State House, Freetown, Wednesday 7 September 2022 – His Excellency President Dr Julius Maada Bio has hosted 60 children for pre-primary, primary, senior secondary, special-needs schools as well as adult literacy learners and district youth advisory group in the Basic Education sector to get first-hand information on the learning crisis in the country.
While welcoming them to the State House and thanking them for responding to his call, the President said: “The most important people we have today as our guests are the pupils and the students. Today, the conversation is going to be with you. We want to make important decisions around the world concerning education.
“For me, today, education is learning from you based on the fact that when I am here, I don’t know what is happening down there. That is why I have called all of you from different levels in various schools so that I can understand the barriers to education. There is a problem with education around the world and to end our ignorance and be able to provide better education, we need to hear from you.
“There is a crisis of learning around the world, and we are here to discuss how we, as a nation, can best prepare our children to be useful to take positions capably and handle the affairs of their communities and the nation. For you to be able to do that, you must have the best education. For you to be able to sit in this capacity and many other capacities and make an impact in the world, by moving things successfully, you have to go to school.”
President Bio said, as a government, they believed that even though the children were still in early learning schools, they were aware of the negative impacts on education that the government, ministers, parents, teachers, and other elderly people might not be aware of.
“I am going to be chairing a meeting at the highest level in the world with the United Nations Secretary-General and to deliberate on education. But I cannot go to that meeting without talking to you because I will only be representing my voice if I do so. I have, therefore, called this meeting, so you can tell me what is wrong and I will take all of that to the global education meetings,” he informed.
Mamawa Jayah, from the Nyapui Senior Secondary School of Excellence in Kenema, recommended that the government embark on digitalisation of education by introducing information, communication and technology (ICT) to all secondary schools in the country.
Joshua Koroma, 7, of Blessing Primary School, said: “Teachers don’t give too much attention to students in the classroom. They don’t encourage children to learn well because the only key to education is education. Teachers should encourage us. Children should be cared for. All over the world, children too need attention. Just like all other people, children too need attention,” he said.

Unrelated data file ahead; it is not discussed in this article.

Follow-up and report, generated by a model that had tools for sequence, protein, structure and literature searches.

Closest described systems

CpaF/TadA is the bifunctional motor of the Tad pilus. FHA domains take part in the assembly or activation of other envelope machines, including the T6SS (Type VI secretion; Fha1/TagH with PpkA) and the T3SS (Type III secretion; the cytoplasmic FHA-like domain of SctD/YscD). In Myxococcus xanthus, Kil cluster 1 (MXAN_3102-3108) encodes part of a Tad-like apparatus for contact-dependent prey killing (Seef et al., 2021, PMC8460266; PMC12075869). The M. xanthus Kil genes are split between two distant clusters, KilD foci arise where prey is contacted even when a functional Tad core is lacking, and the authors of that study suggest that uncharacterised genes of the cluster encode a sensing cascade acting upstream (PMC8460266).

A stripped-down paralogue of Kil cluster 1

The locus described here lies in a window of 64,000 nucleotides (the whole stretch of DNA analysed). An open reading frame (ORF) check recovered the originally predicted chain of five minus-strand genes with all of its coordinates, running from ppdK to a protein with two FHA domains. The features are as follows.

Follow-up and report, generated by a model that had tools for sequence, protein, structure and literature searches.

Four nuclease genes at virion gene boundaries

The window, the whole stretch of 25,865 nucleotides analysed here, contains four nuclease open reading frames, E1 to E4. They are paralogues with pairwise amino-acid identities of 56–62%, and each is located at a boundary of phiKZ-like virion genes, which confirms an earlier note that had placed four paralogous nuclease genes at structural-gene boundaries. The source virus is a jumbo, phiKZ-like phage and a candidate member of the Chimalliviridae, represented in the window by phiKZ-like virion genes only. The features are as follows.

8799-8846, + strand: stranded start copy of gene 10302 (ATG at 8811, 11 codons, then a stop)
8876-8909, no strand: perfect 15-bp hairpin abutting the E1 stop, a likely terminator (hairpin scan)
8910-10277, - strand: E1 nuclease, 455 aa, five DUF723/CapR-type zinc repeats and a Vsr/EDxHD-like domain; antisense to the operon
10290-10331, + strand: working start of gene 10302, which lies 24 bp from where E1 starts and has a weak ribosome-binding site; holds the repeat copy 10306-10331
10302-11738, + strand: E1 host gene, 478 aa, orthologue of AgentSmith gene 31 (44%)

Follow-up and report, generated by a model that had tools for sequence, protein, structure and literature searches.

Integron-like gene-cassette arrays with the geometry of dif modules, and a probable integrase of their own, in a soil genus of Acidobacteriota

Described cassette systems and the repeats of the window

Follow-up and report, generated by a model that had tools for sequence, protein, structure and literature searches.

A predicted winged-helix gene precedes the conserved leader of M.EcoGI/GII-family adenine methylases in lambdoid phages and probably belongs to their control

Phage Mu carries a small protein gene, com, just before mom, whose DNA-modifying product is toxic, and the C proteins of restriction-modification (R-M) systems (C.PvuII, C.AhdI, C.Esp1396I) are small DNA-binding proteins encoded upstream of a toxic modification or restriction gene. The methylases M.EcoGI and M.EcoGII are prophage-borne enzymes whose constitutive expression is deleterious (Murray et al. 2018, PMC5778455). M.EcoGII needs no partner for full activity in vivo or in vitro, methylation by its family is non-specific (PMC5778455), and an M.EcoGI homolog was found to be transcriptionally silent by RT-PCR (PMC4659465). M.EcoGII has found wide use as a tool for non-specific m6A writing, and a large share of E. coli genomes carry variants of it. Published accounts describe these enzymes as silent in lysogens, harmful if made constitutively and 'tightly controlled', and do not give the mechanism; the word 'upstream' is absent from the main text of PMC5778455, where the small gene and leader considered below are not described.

National President, Children’s Forum Network, Mamoud Barrie, said: “Statistics have shown that there is an increase of 2.1 percent in the population of Sierra Leone every year, and within 33 years, the country’s population will double. Considering the impact on the environment, in terms of education, the introduction of free quality education has increased not only enrollment but also school attendance. Yet, schools are challenged with infrastructure, which requires attention”.
Saffiatu Comfort Turay from Methodist Girls’ Secondary School recommended that the government return all-girls schools to a single shift to ensure girls spend more time on their studies after school. She said the issue of water, sanitation and hygiene (WASH) was another factor that had affected girls in school, pointing out that most of the existing facilities were not healthy or conducive for them. So, she recommended that government could bring more school buses and also improve the conditions of their teachers’ services.
Head of the children’s section, Sierra Leone Library Board, Donsalay Davies, said: “The library now serves as a focal point in the education system in Sierra Leone. When the home fails, when the school is lagging, the library steps up to fill in the gap. With all our engagement with schools, we notice that many schoolchildren can’t read. So, we let the librarian step in to teach them reading all over again. We teach them early literacy, and these children are already in school learning.
“So, you need to pay more attention to the early literacy section of our education system because that’s where learning and reading start. We have noticed that book donations from organisations are not tailored to our needs because we are not consulted during the selection process. We need to be consulted because we know our children, their needs, and their problems”.
For More Enquiries:
State House Media and Communications Unit